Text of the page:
Prior to the release of the Glencore judgment on 6 November 2020, another significant transfer pricing case was decided by the Federal Court of Appeal in Canada, Her Majesty the Queen v Cameco Corporation (2020) FCA 112. Similarly to Glencore, the Court in Cameco dismissed the Crown's appeal in favour of the taxpayer. The decision in Cameco turned on an issue of interpretation of the relevant transfer pricing provisions as the factual findings of the lower court were not appealed by the Crown.
As in Glencore, the Court in Cameco provided that the relevant transfer pricing provisions posited an objective test; it is a determination as to whether two arm's length parties would have entered into the transaction, not as to whether the taxpayer and an arm's length party would have entered into the transaction (the latter being the interpretation argued by the Crown). Unlike in Glencore, the Court in Cameco did not provide guidance as to whether objective features of the taxpayer which could influence the transaction should be taken into account in the arm's length analysis.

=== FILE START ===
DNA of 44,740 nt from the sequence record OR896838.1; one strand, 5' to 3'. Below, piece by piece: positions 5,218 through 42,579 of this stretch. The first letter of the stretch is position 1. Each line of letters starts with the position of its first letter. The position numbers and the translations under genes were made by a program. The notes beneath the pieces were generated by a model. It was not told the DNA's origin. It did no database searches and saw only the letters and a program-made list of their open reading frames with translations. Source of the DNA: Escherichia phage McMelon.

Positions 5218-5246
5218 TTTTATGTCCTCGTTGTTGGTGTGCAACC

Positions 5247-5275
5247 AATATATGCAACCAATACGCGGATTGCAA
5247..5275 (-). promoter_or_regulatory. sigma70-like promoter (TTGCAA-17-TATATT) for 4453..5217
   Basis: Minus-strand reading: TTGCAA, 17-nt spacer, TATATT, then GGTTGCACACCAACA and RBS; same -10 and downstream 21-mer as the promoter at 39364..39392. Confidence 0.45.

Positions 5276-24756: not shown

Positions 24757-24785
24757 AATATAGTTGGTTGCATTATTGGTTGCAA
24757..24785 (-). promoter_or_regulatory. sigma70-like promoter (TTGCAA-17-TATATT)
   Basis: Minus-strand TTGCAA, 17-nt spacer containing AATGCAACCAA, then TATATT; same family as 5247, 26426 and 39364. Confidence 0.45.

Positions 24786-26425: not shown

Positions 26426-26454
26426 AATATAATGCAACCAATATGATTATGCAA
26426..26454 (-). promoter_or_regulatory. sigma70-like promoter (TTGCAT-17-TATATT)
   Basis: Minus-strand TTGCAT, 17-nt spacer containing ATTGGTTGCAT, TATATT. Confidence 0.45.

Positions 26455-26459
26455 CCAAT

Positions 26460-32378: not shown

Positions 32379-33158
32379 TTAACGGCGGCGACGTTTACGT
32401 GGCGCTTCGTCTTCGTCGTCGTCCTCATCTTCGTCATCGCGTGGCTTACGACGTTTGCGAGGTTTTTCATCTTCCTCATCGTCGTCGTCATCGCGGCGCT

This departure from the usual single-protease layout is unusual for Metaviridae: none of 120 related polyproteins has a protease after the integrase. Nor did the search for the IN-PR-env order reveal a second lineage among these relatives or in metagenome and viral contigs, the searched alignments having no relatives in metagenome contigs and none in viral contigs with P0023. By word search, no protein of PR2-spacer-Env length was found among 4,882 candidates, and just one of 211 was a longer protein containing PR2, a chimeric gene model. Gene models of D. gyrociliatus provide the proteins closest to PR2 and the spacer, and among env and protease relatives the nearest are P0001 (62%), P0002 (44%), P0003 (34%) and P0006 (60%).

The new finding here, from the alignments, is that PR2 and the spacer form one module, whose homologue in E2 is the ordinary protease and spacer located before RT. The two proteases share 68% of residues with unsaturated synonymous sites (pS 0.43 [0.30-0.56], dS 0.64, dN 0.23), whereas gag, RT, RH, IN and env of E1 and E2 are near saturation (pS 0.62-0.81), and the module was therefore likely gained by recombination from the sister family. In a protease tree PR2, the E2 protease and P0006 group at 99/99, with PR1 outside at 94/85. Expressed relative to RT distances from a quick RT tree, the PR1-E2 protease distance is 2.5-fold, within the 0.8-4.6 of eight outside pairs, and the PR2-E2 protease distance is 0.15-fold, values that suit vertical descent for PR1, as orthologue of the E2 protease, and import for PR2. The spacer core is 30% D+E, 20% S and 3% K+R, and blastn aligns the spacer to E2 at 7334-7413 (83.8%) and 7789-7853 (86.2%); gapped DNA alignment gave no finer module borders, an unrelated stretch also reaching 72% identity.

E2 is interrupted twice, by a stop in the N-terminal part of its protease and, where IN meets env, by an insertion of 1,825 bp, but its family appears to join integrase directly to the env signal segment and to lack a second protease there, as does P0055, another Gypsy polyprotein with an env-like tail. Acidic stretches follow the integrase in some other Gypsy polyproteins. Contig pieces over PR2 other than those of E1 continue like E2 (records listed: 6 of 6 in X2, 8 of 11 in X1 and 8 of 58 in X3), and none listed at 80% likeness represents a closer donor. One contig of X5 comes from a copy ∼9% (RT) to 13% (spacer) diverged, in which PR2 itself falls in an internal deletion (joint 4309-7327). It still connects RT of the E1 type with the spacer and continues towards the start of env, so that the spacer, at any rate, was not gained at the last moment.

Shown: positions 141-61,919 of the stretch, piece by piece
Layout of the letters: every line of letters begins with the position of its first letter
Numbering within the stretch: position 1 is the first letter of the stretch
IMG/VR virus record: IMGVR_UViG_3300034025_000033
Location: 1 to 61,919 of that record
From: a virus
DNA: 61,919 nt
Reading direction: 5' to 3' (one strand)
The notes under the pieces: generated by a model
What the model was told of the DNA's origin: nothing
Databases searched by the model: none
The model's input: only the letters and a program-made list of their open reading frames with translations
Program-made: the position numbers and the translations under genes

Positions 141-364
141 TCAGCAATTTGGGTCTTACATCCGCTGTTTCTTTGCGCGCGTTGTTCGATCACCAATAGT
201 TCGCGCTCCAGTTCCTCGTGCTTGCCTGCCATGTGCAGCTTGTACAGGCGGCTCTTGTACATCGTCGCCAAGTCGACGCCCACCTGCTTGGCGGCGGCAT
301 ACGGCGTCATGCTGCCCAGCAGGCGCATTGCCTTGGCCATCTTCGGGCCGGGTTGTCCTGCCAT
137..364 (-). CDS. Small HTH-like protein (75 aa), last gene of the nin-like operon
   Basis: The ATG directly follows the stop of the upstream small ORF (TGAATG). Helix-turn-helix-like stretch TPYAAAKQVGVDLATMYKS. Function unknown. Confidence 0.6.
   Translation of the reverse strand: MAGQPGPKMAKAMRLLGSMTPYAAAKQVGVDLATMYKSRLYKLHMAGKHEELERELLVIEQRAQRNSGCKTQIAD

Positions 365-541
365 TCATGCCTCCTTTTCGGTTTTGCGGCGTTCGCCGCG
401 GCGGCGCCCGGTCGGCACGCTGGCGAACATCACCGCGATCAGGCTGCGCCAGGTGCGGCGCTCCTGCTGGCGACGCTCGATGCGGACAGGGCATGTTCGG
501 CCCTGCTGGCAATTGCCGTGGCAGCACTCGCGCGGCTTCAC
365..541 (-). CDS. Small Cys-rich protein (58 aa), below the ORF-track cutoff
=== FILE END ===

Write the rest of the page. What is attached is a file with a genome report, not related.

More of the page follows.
If you have any questions about the matters raised in this article please get in touch with the contacts listed or your usual Bell Gully adviser.
This publication is necessarily brief and general in nature. You should seek professional advice before taking any action in relation to the matters dealt with in this publication.